“I’ve volunteered for a lot of different things, but never anything that felt as important or meaningful as reaching out – as strangers – to a person whose heart is aching from the loss of a loved one and telling them we care, we won’t forget.”
This year’s Tribute to the Troops is slated for Sept. 8 to 10. There will be three separate rides visiting 11 families of fallen troops in southern, northern and central Minnesota. Schmitt contacts the families before the ride.
“That initial call is a very difficult call,” Schmitt said. “Some people are very protective and rightly so, but once they hear about what we’re doing, most people are just so open and thankful for people thinking about them and their loss. For the most part, they welcome us with open arms.”
Each family receives a copy of the “Home” DVD, and a framed picture of their fallen hero made by volunteer Rick Block. The picture bears The Tribute to the Troops mission statement:
“The Tribute to the Troops ride and benefit concert is dedicated to those brave soldiers who made the ultimate sacrifice in service to our country. Our focus is to gratefully and graciously demonstrate to loved ones left behind that we, as ordinary Americans, will not forget their loss. It is in their memory and honor that we raise awareness and funds for the benefit and comfort of those who continue to serve. Through these efforts we convey our gratefulness and appreciation to all veterans who have served, whether in war, or in peace.”
Some of the people Schmitt has contacted preferred not to have a visit, he said. “Certainly that’s understandable,” he added. “Everyone grieves in their own way. We still make them a picture of their hero and FedEx it to them. In fact, Gil Gutknecht, our congressman from southern Minnesota, hand-delivered one for us, and we got a beautiful thank you note from the family.”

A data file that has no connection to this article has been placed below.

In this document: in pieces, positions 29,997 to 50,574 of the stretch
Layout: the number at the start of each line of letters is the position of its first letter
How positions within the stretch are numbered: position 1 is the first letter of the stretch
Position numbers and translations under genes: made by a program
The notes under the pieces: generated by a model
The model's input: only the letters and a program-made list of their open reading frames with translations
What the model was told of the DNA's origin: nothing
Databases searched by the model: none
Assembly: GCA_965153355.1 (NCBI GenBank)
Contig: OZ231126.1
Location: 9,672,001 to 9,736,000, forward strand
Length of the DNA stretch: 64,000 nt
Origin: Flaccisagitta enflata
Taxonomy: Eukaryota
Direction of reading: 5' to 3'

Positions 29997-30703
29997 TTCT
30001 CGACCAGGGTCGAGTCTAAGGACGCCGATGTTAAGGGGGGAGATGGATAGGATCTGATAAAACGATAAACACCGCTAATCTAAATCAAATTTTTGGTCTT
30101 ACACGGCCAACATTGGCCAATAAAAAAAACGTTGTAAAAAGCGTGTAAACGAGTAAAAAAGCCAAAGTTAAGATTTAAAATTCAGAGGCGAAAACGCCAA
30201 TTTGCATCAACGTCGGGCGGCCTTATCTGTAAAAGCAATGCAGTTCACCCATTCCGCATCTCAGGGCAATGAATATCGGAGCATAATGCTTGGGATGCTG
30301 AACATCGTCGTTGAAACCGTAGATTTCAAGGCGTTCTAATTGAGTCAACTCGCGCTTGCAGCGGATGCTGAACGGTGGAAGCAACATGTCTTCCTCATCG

This year’s Tribute to the Troops also includes a Sunday Only Memorial Ride set to gather at Fort Snelling National Cemetery for an all-day ride visiting active-duty military personnel. The ride will end with a benefit concert at about 4 p.m. at the Medina Ballroom in Hamel, Minn.
Lynne, who has two singles off his first album climbing the charts, will appear along with the Killer Hayseeds, Uncle Chunk and G.B. Leighton. A Gibson guitar autographed by Lynne will be raffled off.
Tickets for the ride and concert are $40 for a single rider and $50 for a couple on the same bike. Tickets are available for the concert only for $20. Proceeds from the ride and concert will benefit Wounded Warriors Hospital Fund.
The Tribute to the Troops is a partner in the Defense Department’s “America Supports You” program, which spotlights ways the American people and the nation’s corporate sector support America’s men and women in uniform.
The organization has a growing list of more than 30 volunteers, including members of some of the families the riders have visited. The group has applied for nonprofit status through the Internal Revenue Service. Supporters include the American Legion, the nation’s Blue and Gold Star Mothers, Tee It Up for the Troops, Veterans of Foreign Wars and the Wounded Warriors Hospital Fund.